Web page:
Schools

Mass. board of education waives MCAS graduation requirement for Class of 2022

State education leaders have faced pressure from local school officials and teachers unions to cancel this year’s MCAS exams.

Jim Walker

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For the first time since 2003, when the MCAS became a graduation requirement in Massachusetts, state education leaders have decided to exempt an entire class of high-school juniors from having to pass the exam to graduate.

State Education Commissioner Jeffrey Riley proposed earlier this month that the state exempt the Class of 2022 from having to pass the MCAS exams, a change Riley said would be necessary because of the disruptions caused by the coronavirus pandemic. The board approved the change unanimously. The change was necessary “to adjust to this pandemic,” Riley said before the vote.

If not for the pandemic, current juniors would have taken most of their MCAS exams last year. Officials explained that these 11th graders would not have at least three chances to take the MCAS test and receive academic support if needed before graduation, so that requirement wouldn’t be fair to them.

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“These students have not had any opportunities” to take the MCAS, said Robert Curtin, associate commissioner. “They would never have enough opportunities to take the test as required by the time they’re up for graduation.”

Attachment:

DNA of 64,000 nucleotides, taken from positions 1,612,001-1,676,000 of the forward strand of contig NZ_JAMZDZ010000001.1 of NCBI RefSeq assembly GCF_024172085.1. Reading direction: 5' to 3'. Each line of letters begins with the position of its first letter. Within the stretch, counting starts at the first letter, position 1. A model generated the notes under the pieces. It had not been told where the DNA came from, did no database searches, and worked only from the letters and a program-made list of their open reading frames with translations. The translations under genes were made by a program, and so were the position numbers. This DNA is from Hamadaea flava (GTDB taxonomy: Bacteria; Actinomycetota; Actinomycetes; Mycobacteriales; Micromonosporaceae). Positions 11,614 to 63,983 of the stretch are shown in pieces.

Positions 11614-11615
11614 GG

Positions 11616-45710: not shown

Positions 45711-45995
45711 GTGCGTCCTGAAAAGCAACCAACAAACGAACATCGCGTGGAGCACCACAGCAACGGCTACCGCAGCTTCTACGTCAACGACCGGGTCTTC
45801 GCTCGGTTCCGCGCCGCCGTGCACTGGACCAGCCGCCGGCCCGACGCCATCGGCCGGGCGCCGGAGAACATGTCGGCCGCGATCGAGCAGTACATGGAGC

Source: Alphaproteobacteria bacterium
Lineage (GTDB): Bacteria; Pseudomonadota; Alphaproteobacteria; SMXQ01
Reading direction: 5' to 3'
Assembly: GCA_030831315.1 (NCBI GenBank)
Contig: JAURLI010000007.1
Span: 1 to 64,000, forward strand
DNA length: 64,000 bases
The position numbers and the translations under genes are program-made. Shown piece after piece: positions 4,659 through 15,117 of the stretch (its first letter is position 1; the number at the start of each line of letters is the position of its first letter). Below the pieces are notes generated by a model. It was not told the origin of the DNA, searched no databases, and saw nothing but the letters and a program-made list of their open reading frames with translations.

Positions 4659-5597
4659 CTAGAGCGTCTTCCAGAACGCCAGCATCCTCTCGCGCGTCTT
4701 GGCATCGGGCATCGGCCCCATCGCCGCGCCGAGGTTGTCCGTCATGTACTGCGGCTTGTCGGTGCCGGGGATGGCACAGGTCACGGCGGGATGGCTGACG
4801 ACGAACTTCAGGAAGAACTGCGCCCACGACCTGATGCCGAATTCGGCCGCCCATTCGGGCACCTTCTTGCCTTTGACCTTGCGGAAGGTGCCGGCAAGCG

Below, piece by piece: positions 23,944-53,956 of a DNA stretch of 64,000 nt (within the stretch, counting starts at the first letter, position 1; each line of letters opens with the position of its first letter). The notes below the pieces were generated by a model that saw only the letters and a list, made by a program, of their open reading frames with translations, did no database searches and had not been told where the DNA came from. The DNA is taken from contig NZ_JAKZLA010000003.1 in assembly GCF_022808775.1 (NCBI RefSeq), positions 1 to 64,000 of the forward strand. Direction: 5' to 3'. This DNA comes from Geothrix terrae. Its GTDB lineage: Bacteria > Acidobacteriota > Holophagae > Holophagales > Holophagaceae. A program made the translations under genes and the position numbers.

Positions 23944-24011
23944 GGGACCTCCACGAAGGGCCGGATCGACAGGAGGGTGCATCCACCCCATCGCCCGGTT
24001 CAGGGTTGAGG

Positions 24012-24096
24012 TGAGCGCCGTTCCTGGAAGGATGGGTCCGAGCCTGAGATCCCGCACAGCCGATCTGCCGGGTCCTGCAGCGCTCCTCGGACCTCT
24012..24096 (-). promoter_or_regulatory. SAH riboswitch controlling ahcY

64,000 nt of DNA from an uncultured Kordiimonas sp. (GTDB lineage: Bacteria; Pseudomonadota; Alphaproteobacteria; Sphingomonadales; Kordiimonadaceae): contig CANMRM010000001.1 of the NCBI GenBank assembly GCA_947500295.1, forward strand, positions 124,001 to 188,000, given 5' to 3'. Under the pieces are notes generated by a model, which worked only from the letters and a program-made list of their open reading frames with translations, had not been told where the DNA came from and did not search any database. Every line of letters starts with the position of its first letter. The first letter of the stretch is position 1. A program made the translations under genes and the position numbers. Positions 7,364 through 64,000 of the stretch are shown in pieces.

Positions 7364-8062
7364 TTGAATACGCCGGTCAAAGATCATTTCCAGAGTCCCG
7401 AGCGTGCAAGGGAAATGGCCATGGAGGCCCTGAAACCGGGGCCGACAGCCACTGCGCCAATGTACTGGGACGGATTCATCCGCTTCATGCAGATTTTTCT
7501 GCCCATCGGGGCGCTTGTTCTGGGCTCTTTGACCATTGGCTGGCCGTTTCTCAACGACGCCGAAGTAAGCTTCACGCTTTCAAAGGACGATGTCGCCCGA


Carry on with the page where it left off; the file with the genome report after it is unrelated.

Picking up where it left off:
State education leaders have faced pressure from local school officials and teachers unions to cancel this year’s MCAS exams — or at least postpone them until the fall. More than two dozen state senators also sent a letter to Riley and Governor Charlie Baker earlier this month urging them to postpone the tests, writing that standardized testing will “waste money and learning time.”

Before the vote, the board’s student representative member, Jasper Coughlin, a senior at Billerica Memorial High School, praised the move as helping students.

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“During this school year when it’s really easy for students to feel cold and there aren’t people at higher levels looking out for them, this is exactly the type of thing that shows students we’re caring about them,” he said.

Tuesday’s vote came amid a return to in-person learning for thousands of students statewide. As of April 14, about 650,000 students in Massachusetts public schools, collaboratives, and special education programs are attending some form of in-person learning — up from about 450,000 students just three weeks earlier.

Massachusetts elementary schools were required to return to full-time, in-person learning earlier this month, with the exception of a few dozen districts that received waivers to return later. Middle schools are required to return full-time on April 28.

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James Vaznis of the Globe Staff contributed to this report.

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